Meet Service Director Dan Ashe.
I wasn’t able to attend the Federal Duck Stamp Art Contest this year, so I am turning over my blog today to Deputy Director Rowan Gould to fill us in:
Family traditions. Love ‘em or hate ‘em, we all have them. In the Service family, one of our favorite traditions is the annual Federal Duck Stamp Art Contest.
I’ve just returned from the 2012 Duck Stamp Contest in Ogden, Utah. If you’ve never heard of the Duck Stamp or the contest, let me tell you about this beloved – and unique – annual event.
The Federal Duck Stamp is a part of the Service’s heritage and probably one of the most successful conservation efforts this country has seen. Since 1934, when J.N. “Ding” Darling sketched the design for the first Duck Stamp, sales of the stamp to hunters, collectors and outdoor enthusiasts have raised more than $850 million to acquire wetlands habitat for ducks, geese, and a host of other wildlife.
In the early days, the Service commissioned artists to design each year’s Duck Stamp. In 1949, any interested artist was allowed to submit an entry for consideration, and a tradition was born. The Duck Stamp Contest has the distinction of being the only juried art competition sponsored by the federal government.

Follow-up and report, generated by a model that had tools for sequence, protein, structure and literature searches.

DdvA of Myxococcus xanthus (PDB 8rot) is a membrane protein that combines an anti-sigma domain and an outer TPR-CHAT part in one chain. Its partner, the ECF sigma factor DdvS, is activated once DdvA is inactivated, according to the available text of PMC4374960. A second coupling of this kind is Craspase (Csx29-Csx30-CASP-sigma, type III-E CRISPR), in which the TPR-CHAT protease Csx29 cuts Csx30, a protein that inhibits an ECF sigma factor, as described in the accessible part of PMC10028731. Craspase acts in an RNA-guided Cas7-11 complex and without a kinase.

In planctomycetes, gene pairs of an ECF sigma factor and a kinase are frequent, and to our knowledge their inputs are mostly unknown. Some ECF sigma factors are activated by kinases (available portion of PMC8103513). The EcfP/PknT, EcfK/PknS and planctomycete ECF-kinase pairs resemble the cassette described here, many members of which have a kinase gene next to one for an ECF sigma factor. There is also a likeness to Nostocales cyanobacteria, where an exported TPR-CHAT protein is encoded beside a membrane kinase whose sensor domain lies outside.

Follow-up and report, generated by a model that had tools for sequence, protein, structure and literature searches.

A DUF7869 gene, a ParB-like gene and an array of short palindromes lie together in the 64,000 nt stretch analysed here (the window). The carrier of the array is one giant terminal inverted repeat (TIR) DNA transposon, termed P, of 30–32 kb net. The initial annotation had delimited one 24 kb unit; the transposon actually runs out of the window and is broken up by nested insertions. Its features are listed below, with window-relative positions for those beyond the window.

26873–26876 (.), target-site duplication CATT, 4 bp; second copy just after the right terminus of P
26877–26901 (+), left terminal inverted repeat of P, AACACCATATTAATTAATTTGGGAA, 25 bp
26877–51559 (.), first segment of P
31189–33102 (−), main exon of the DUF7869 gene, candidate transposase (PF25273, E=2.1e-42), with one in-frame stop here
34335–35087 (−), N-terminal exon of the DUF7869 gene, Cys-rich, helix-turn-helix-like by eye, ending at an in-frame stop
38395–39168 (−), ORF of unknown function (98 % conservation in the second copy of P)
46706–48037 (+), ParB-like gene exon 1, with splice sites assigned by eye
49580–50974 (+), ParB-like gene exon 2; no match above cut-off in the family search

All the stamps are really pieces of art -- from the almost currency-like quality in the old days to the complex, realistic composition you see today. I should know, because I have them all!
One of the great things about the contest is that everyone who enters will have their art seen by the five judges. There are no qualifying rounds. Judges don’t know who painted any entry, so each is judged on its own merits. How democratic is that?
Of course, this means the judges may look at hundreds of pieces of art (192 this year), all while seated on a stage in front of hundreds of spectators and hundreds more online viewers, many of whom keep score on score sheets. And these folks take their job seriously. I know it is difficult because the quality of all entries is so high.
Judges examined each entry carefully, sometimes using a lens called a “reduction glass.” This is exactly what it sounds like – it reduces the size of the art to the size of the stamp, about 1 inch by 1 ¾ inch. As a life-long Duck Stamp collector, I can tell you that a beautiful painting may not make a picture-perfect stamp.
In the initial round, the judges narrowed the field by voting each piece “in” or “out.” If three out of five judges voted a piece “in,” it advanced to the next round.
The next day, things got harder. Now judges were looking at the crème de la crème of the entries. After several rounds of scoring, our judges selected a winner.
I think Robert Steiner's painting of a common goldeneye is going to look great on next year’s Federal Duck Stamp. You can see it on the Federal Duck Stamp website and buy it when it debuts next June.
We’re already looking forward to next year’s Duck Stamp Contest.